The realization that relationships are basically mirrors is the key to healing any and every relationship¾with ourselves, with others, with nature and with the universe. We are all inter- connected. What we think, feel and do affects everything around us.
This may be easier to accept as a general concept than as a truth about a particular relationship, especially an intimate one. The blame game has forever been a favorite couples' sport. "If only he would do that," we protest, or "if only she would be more like that." It is always the other person that needs to change. Yet just as mirrors in everyday life reflect what we cannot see, our partners reflect back to us aspects of ourselves that we do not see otherwise. It is a not easy to consider that the traits that irritate us in our partners are reflections of ourselves.
The role of the mirror in everyday life is to tell us how we look¾ is our hair tidy, does this clothing look good on us, are our pimples or wrinkles showing, and so on. When we see something we do not like, we try to fix it. We do not blame the mirror for what it is reflecting back to us, nor do we try to correct it in the mirror. Yet when we see something we do not like in another person, we forget that they, too, are a mirror, and begin trying to fix in the other what needs fixing in ourselves.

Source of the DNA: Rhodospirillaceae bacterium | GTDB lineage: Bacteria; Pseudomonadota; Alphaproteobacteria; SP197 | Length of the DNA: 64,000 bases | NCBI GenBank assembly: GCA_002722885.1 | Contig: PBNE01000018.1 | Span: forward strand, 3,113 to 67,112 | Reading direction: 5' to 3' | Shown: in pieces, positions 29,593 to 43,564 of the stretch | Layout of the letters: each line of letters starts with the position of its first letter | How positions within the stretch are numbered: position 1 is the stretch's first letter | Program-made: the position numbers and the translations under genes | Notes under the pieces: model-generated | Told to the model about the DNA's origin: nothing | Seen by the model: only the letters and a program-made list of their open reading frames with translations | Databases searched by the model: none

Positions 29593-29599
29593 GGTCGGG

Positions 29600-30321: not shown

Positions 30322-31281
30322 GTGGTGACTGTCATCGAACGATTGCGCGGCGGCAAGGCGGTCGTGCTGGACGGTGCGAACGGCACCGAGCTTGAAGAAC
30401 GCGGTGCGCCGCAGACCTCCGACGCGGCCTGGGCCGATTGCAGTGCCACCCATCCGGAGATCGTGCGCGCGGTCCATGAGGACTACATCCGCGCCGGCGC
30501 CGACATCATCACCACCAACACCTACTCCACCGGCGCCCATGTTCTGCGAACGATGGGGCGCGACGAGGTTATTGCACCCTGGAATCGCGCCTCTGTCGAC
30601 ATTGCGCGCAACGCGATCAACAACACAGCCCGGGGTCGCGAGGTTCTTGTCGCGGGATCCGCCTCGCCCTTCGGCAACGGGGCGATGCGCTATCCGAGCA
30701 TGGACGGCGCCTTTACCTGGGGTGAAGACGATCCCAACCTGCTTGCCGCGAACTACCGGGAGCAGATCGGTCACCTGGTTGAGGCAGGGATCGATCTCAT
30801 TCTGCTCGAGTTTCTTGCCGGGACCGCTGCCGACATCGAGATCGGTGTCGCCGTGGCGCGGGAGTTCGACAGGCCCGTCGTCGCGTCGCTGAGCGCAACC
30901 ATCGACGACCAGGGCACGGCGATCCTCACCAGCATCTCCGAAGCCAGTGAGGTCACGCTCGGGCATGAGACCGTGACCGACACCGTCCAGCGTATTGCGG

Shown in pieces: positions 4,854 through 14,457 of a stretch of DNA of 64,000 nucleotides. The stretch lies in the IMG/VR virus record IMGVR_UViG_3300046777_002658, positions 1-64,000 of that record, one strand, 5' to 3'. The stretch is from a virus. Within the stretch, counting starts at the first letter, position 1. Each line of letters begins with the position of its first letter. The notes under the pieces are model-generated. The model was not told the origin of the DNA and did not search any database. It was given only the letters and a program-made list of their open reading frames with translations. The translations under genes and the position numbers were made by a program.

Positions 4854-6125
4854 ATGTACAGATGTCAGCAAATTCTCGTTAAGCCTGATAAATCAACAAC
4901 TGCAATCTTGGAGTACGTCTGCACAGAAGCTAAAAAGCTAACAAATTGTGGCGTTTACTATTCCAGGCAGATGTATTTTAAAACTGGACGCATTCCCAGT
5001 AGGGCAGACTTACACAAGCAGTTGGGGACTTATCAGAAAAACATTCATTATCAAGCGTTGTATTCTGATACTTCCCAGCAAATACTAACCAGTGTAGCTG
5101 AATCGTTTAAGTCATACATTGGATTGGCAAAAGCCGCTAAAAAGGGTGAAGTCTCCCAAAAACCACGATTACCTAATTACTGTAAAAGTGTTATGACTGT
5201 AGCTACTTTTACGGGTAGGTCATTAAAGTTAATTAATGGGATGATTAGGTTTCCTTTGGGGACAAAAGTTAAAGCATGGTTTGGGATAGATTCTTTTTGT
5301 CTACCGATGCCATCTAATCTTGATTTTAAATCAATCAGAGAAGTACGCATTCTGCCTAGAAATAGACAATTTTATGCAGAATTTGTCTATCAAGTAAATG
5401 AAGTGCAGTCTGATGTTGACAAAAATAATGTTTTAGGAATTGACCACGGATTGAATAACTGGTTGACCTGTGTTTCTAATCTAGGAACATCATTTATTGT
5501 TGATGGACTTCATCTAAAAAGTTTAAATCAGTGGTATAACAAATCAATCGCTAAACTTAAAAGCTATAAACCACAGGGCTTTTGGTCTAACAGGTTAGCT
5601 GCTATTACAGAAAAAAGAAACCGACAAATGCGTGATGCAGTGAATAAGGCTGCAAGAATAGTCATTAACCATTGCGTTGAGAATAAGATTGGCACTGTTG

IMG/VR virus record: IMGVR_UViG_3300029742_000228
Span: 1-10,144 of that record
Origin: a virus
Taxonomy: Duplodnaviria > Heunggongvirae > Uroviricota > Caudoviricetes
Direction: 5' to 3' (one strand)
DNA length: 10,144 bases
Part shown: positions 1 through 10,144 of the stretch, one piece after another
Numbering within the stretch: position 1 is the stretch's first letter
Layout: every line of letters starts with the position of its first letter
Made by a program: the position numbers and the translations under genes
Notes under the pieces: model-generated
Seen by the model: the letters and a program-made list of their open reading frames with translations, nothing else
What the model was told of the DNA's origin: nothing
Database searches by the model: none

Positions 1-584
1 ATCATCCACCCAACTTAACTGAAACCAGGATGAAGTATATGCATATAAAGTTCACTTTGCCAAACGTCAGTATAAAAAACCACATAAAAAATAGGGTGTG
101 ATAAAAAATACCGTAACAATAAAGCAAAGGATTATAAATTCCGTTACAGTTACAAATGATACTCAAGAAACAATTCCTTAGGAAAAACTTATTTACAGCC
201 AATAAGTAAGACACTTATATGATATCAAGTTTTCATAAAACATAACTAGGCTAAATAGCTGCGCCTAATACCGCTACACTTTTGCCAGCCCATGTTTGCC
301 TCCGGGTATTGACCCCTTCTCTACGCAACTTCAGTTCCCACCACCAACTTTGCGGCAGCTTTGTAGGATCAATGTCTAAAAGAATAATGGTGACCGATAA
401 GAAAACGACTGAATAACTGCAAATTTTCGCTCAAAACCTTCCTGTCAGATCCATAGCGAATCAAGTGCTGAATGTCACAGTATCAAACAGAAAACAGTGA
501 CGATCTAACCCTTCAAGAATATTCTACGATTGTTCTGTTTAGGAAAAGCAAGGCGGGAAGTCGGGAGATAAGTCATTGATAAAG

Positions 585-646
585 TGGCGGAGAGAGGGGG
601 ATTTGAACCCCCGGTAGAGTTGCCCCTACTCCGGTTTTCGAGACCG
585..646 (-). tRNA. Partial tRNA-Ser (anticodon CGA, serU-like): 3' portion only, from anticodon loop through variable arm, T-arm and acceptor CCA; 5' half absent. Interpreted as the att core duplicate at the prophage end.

When we understand that our partner's behavior is a reflection or our own, it becomes easier to sort out what is his and what is hers. Close relationships are like mine fields; we never know when an innocent remark or incident will trigger a reactive explosion. We each carry imprints from the past within us, memories of how our family or friends responded to us, reactions to past trauma. When one of these memories is triggered, we react the way we did in the past. We may even say "you sound just like my mother" or "stop treating my like a child" and blame our partner for what is essentially our own childhood memory. This is OUR minefield, not something our partner is doing to us.
Knowing ourselves is essential to good relationships, and relationships, being mirrors, help us to know ourselves.
To see past the distortions of all the mirrors that reflect our reality requires discernment, and discernment requires quiet. Quiet is hard to come in a world in which there is constant noise from traffic, refrigerators and microwaves, television sets, computers, cell phones, and radios. Yet it is in the quiet that we can come to know ourselves. It is only through awareness of the flow of our own psyche that we can discern what is true in our relationships, and create healthy ones.